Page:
One of the Current Year’s biggest problems is that male scientists down through history keep saying stuff — e.g., “I am become Death, destroyer of Worlds,” which sounds like something out of an Avengers‘ movie, or “Battle-Axe Culture” — that boys find awesome but girls find meh.
A recent example is the term “quantum supremacy.” Wikipedia reports:
In quantum computing, quantum supremacy is the goal of demonstrating that a programmable quantum device can solve a problem that classical computers practically cannot (irrespective of the usefulness of the problem). By comparison, the weaker quantum advantage is the demonstration that a quantum device can solve a problem merely faster than classical computers.
Quantum supremacy using a programmable superconducting processor
Frank Arute, Kunal Arya, […]John M. Martinis
Nature volume 574, pages 505–510 (2019)
The promise of quantum computers is that certain computational tasks might be executed exponentially faster on a quantum processor than on a classical processor1. A fundamental challenge is to build a high-fidelity processor capable of running quantum algorithms in an exponentially large computational space. Here we report the use of a processor with programmable superconducting qubits2,3,4,5,6,7 to create quantum states on 53 qubits, corresponding to a computational state-space of dimension 253 (about 1016). Measurements from repeated experiments sample the resulting probability distribution, which we verify using classical simulations. Our Sycamore processor takes about 200 seconds to sample one instance of a quantum circuit a million times—our benchmarks currently indicate that the equivalent task for a state-of-the-art classical supercomputer would take approximately 10,000 years. This dramatic increase in speed compared to all known classical algorithms is an experimental realization of quantum supremacy for this specific computational task, heralding a much-anticipated computing paradigm.
In the early 1980s, Richard Feynman proposed that a quantum computer would be an effective tool with which to solve problems in physics and chemistry, given that it is exponentially costly to simulate large quantum systems with classical computers …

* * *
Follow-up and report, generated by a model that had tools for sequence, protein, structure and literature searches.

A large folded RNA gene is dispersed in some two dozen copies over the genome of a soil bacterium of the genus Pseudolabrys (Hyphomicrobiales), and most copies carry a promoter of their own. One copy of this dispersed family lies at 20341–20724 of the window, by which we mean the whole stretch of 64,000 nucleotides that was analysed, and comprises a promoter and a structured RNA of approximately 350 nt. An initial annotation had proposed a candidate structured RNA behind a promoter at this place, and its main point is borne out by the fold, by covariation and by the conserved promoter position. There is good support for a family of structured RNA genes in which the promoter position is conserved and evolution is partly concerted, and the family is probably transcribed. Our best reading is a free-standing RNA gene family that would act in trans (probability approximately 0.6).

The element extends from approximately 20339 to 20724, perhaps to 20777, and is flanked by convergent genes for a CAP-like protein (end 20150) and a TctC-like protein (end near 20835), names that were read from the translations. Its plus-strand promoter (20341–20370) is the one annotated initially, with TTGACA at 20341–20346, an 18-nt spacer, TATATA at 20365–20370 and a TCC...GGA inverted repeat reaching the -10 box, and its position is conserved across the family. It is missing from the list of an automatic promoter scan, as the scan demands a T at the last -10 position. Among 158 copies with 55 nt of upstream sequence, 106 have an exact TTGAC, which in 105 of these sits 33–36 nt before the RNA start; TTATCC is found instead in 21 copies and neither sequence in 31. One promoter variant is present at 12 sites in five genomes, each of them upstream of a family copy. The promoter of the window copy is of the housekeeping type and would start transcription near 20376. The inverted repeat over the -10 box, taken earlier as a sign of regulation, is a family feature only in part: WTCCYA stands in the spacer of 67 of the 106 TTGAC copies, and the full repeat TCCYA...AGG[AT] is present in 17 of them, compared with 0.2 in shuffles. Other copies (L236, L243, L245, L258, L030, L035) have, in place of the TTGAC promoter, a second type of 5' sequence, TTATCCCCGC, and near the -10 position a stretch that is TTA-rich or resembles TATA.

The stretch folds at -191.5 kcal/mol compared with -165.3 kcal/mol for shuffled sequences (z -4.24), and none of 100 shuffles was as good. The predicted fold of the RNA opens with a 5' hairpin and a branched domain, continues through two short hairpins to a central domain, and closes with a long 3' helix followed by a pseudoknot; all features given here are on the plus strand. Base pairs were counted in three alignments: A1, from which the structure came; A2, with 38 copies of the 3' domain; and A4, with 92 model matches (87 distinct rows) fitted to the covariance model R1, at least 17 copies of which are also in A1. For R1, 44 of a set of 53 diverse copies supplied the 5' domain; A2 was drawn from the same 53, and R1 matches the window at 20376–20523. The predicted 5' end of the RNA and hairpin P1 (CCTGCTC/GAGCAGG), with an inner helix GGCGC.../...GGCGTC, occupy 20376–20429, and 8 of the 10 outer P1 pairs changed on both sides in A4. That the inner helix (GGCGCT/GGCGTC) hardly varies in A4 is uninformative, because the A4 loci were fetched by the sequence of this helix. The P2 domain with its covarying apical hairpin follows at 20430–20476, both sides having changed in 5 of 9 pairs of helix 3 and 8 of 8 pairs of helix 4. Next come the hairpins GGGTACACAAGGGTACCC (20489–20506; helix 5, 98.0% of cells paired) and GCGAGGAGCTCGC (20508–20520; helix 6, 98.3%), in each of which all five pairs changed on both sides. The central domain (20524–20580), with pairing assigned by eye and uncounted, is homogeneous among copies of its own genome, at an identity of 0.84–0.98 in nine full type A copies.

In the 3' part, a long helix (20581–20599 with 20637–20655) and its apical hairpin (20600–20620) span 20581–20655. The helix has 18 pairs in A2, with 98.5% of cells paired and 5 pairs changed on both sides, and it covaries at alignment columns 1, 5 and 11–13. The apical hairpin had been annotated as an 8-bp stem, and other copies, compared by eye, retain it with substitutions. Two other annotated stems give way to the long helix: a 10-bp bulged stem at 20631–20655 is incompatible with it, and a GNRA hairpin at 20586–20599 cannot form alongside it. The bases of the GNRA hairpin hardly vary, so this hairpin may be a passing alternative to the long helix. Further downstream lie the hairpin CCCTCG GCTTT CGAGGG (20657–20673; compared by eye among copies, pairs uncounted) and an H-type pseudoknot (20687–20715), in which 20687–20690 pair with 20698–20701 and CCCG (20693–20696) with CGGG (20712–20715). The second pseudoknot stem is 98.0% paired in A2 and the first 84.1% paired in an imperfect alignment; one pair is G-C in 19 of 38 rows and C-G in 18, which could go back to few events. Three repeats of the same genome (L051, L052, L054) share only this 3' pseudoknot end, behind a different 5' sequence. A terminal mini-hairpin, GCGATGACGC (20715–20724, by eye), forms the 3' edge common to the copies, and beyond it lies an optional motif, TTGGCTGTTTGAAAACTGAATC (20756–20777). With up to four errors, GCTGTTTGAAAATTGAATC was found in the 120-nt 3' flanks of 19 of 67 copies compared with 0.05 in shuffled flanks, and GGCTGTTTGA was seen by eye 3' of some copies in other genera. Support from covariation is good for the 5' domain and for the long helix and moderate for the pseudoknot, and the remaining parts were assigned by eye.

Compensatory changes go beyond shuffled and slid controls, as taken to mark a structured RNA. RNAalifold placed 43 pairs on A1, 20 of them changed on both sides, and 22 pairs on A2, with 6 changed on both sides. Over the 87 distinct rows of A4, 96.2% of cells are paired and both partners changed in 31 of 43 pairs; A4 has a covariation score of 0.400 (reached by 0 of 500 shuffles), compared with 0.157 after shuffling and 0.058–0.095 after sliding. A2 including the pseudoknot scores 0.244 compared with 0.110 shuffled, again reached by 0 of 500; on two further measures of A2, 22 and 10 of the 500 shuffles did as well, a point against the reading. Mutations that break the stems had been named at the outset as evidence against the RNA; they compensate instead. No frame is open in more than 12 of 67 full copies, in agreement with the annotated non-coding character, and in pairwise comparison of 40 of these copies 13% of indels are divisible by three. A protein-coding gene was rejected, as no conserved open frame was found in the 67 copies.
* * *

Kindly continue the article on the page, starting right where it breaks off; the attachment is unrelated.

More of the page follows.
Cool! Quantum supremacy, supercomputers, Feynman … these are all terms that tend to be galvanizing to very bright adolescent males. Not surprisingly, some of them are therefore attracted into careers in physics and computers, which is a Bad Thing, because our highest priority is shoving more females who would be happy in the Life Sciences into working in the Death Sciences.
Hence, also from Nature:
CORRESPONDENCE 10 DECEMBER 2019
Supremacy is for racists — use ‘quantum advantage’
Carmen Palacios-Berraquero, Leonie Mueck & Divya M. Persaud
We take issue with the use of ‘supremacy’ when referring to quantum computers that can out-calculate even the fastest supercomputers (F. Arute et al. Nature 574, 505–510; 2019). We consider it irresponsible to override the historical context of this descriptor, which risks sustaining divisions in race, gender and class. We call for the community to use ‘quantum advantage’ instead.
The community claims that quantum supremacy is a technical term with a specified meaning. However, any technical justification for this descriptor could get swamped as it enters the public arena after the intense media coverage of the past few months.
In our view, ‘supremacy’ has overtones of violence, neocolonialism and racism through its association with ‘white supremacy’. Inherently violent language has crept into other branches of science as well — in human and robotic spaceflight, for example, terms such as ‘conquest’, ‘colonization’ and ‘settlement’ evoke the terra nullius arguments of settler colonialism and must be contextualized against ongoing issues of neocolonialism. …